Using Ajax.BeginForm() with ASP.NET MVC

By Jonathan Wood on 4/21/2012
Language: C#JavaScript
Technology: AJAXASP.NETjQueryMVC
Platform: Windows
License: CPOL
Views: 168,182
Web Development » Client Scripting » AJAX » Using Ajax.BeginForm() with ASP.NET MVC

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If you've been working with ASP.NET MVC, then you are almost certainly familiar with Html.BeginForm(). Html.BeginForm() is an HTML helper that makes it easier to write an HTML form block in an MVC view.

Listing 1 shows how you would use this helper in a Razor view. The using statement is used to ensure that the form is closed at the end of the using block. (This is exactly the same using keyword that we can use in C# code to ensure objects are disposed once execution leaves the using block.) The resulting HTML is shown in Listing 2.

Listing 1: Using Html.BeginForm() to create an HTML form

@using (Html.BeginForm())
        @Html.LabelFor(m => m.EmailAddress)
        @Html.TextBoxFor(m => m.EmailAddress)
        @Html.ValidationMessageFor(m => m.EmailAddress)
        <input type="submit" value="Submit" />

Listing 2: The HTML produced from Listing 1

<form action="/" method="post">
        <label for="EmailAddress">Email address</label>
        <input data-val="true" data-val-required="The Email address field is required."
            id="EmailAddress" name="EmailAddress" type="text" value="" />
        <span class="field-validation-valid" data-valmsg-for="EmailAddress"
        <input type="submit" value="Submit" />

Note that, in the example above, the form is just posting back to the same action. Html.BeginForm() has a number of overloads that take additional arguments for doing things like posting to another action.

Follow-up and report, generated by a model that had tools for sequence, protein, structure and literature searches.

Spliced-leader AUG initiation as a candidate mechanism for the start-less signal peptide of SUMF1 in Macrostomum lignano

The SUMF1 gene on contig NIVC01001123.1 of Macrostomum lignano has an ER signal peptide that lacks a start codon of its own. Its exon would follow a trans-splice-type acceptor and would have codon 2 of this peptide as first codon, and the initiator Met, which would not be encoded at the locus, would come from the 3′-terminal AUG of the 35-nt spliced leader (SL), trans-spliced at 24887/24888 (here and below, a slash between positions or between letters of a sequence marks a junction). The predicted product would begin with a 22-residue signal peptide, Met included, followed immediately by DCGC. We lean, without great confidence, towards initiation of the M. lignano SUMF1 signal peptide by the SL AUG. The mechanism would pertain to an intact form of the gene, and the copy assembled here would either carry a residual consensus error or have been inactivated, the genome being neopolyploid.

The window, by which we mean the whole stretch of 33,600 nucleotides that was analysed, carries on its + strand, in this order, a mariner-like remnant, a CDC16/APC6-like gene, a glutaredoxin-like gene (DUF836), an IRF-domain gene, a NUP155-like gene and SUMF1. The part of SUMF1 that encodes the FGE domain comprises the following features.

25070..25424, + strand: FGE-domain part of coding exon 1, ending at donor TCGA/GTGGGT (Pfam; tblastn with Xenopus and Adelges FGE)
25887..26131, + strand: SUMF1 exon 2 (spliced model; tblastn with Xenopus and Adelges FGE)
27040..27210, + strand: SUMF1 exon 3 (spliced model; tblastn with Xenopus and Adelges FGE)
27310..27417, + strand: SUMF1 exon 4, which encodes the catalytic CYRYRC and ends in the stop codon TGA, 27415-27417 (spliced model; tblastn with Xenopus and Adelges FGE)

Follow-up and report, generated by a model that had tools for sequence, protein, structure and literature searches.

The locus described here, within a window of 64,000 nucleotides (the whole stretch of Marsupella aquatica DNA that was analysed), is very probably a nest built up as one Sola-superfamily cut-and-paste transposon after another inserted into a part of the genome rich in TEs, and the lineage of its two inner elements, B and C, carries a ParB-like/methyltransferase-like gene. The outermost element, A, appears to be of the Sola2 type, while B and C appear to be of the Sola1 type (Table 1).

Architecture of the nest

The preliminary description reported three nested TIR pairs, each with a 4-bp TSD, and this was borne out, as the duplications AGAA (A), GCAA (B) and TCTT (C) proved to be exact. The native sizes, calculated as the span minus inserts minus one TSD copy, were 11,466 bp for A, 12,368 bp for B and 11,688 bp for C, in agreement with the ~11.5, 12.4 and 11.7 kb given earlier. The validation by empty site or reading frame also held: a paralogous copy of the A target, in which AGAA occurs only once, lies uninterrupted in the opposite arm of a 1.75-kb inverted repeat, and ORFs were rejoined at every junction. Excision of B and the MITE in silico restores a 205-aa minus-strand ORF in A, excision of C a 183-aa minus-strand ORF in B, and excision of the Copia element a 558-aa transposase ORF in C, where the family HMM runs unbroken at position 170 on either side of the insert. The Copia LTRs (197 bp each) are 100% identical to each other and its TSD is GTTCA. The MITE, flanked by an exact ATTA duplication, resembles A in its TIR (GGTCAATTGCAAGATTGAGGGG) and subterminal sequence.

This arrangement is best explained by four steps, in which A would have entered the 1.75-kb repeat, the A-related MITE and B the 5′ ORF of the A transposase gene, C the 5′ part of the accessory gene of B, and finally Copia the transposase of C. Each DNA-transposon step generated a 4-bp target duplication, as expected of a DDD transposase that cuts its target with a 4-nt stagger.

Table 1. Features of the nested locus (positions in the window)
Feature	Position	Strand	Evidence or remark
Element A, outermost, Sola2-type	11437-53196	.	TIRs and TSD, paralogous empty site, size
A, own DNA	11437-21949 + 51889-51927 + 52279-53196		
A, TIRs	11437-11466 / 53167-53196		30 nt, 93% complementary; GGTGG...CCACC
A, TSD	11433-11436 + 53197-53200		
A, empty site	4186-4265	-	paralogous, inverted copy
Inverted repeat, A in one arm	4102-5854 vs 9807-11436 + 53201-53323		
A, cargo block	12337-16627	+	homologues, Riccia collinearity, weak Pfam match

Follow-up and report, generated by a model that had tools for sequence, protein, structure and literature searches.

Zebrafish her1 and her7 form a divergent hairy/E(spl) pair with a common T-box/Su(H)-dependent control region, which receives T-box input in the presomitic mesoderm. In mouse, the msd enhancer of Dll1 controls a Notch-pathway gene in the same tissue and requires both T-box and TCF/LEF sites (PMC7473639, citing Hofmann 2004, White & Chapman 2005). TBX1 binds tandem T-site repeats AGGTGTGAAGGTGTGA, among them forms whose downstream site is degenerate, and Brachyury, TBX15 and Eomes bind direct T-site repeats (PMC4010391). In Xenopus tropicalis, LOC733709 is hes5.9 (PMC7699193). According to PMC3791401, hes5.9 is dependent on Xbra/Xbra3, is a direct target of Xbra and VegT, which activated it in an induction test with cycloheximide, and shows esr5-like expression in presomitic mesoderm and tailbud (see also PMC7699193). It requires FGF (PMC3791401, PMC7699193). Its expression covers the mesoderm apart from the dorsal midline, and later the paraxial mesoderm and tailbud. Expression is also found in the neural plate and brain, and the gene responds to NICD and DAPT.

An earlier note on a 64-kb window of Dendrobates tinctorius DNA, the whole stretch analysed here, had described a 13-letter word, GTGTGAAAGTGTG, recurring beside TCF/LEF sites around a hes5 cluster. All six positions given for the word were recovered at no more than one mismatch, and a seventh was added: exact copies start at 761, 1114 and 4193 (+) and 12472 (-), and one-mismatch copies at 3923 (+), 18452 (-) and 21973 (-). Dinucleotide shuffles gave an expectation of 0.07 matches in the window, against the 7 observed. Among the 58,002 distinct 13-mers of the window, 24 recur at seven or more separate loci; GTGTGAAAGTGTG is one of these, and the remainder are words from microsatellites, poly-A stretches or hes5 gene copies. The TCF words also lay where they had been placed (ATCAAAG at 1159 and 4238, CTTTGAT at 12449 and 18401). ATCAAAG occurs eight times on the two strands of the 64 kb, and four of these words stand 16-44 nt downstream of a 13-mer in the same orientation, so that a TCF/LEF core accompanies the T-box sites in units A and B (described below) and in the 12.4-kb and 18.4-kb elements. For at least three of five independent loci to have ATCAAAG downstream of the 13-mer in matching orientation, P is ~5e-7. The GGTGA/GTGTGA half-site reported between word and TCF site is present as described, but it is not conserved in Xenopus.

BeginForm() and AJAX

There are times when, in response to the user submitting a form, you don't want the entire page to refresh. For example, let's say you have a small form to send an email. When the user sends that email, you might want them to remain on the current page. Perhaps you'd like to simply pop up a message that says the email was sent, rather than refreshing the entire page or redirecting to another page. Depending on your application's workflow, this approach might provider a better user experience. And AJAX is the perfect solution for implementing this type of behavior.

You can use AJAX in combination with the HTML.BeginForm() helper. For example, you could write jQuery to handle $('form').submit() and simply write your own code to perform an AJAX post or any other custom tasks.

There's nothing about Html.BeginForm() that is incompatible with AJAX posts. However, if you are looking for syntax to perform an AJAX post that is as simple and easy as the syntax described above for performing regular posts, then you'll be interested in the Ajax.BeginForm() HTML helper.


Ajax.BeginForm() is designed to work very much like Html.BeginForm() except that Ajax.BeginForm(), as you might expect, performs an AJAX post.